The most reliable scores for the PDMS-2 are the quotients. The Infant/Toddler Sensory Profile is a measure of young children’s responses to sensory events in daily life. or Almost Never. Occasionally. sequence. placement. and Visual-Motor Integration. control) and spacing. a judgment-based questionnaire. orientation. Olsen. _____ obtained the following scores: Standard Score Qualification Percentile Grasping Visual-Motor Fine Motor Quotient The Print Tool: The Print Tool by Jan Z. Locomotion. OTR/L is a complete assessment of capital and lower-case letters and numbers. CAPITAL Lowercase Numbers Memory 100% 100% 100% Orientation 100% 100% 100% Placement 95% 95% 95% Size 85% 85% 85% Start 95% 95% 95% Spacing Letters Sequence Control 95% 95% NA 95% 95% 100% 95% 95% NA Overall Score: _______ Spacing Words NA 100% NA . size. OTR and Emily Knapton. Grasping. The caregiver completes the Infant/Toddler Sensory Profile. start. _______ was administered the PDMS-2 to determine _____ developmental level regarding fine and gross motor skills.) _____ obtained the following scores: Quadrant Summary: Low Registration Sensory Seeking: Sensory Sensitivity: Sensation Avoiding: Low Threshold: Definite Difference (more than others) Typical Performance Probable Difference (more than others) Probable Difference (more than others) Probable Difference (more than others) Sensory Processing Section Summary: General Processing Auditory Processing: Visual Processing: Tactile Processing: Vestibular Processing: Oral Sensory Processing: No score can be obtained Definite Difference (more than others) Definite Difference (more than others) Typical Performance Typical Performance Typical Performance Peabody The Peabody Developmental Motor Scales (PDMS-2) assesses related fine and gross motor abilities that develop early in life such as Stationary. Seldom. by reporting the frequency with which _____ respond to various sensory experiences (Almost Always. The following defines what each area means: Memory – Remembering and writing dictated letters Orientation – Facing letters in the correct direction Placement – Putting letters on the baseline Size – How big or small a child chooses to write Sequence – Where each letter begins Control – Neatness and proportion of the letter parts Spacing – Amount of space left between letters in words and words in sentences Suggested Handwriting Expectations of a _____ year old according to The Print Tool. The print tool assesses 8 areas (memory. Object Manipulation.Infant/Toddler Sensory Profile The Infant/Toddler Sensory Profile was administered as part of a comprehensive assessment to determine whether aspects of sensory processing might be contributing to performance challenges in the daily life of _____. Frequently.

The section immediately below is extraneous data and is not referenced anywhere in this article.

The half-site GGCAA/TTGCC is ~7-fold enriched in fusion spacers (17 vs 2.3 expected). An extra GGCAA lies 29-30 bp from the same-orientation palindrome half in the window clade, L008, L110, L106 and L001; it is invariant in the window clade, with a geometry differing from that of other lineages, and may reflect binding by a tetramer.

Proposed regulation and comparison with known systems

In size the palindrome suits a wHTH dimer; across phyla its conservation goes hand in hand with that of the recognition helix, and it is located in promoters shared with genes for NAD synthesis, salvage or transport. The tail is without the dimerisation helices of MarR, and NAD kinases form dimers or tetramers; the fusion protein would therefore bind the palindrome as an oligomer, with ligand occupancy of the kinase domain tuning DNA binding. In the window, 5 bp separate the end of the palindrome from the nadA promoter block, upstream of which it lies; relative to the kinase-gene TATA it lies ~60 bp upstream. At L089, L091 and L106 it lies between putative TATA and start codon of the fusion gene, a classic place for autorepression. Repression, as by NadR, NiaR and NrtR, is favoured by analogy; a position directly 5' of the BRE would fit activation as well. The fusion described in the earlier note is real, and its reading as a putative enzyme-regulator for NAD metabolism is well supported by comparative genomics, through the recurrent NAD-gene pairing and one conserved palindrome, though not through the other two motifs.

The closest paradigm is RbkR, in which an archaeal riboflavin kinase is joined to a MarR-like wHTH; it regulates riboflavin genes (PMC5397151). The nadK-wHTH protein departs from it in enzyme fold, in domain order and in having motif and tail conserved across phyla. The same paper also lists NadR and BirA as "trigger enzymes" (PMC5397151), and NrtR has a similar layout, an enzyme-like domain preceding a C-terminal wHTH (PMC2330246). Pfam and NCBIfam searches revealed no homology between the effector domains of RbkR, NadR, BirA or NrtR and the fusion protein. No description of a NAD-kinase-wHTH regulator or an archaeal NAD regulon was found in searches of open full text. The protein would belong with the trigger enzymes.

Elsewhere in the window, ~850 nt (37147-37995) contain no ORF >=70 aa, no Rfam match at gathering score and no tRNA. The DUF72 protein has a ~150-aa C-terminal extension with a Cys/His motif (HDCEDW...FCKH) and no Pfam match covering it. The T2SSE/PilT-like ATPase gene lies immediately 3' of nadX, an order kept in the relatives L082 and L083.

Spacing Spacing Words Memory Orientation Placement Size Start Sequence Control Letters CAPITAL Lowercase Numbers % % % % % % Summary of The Print Tool: Memory – Capitals: % % % % % % % % % % % % Lower case: Numbers: Capitals: Lower case: Numbers: Capitals: Lower case: Numbers: Capitals: Lower case: Numbers: Start & Sequencing– Capitals: Lower case: Numbers: Orientation – Placement – Size – Control – Spacing – Attention/Behavior: Scissor Skills: % NA NA % % % % NA NA Overall Score: _______ . The bolded scores are areas that fall below the suggested expectations.The following are _________ scores on The Print Tool. __/___/2006.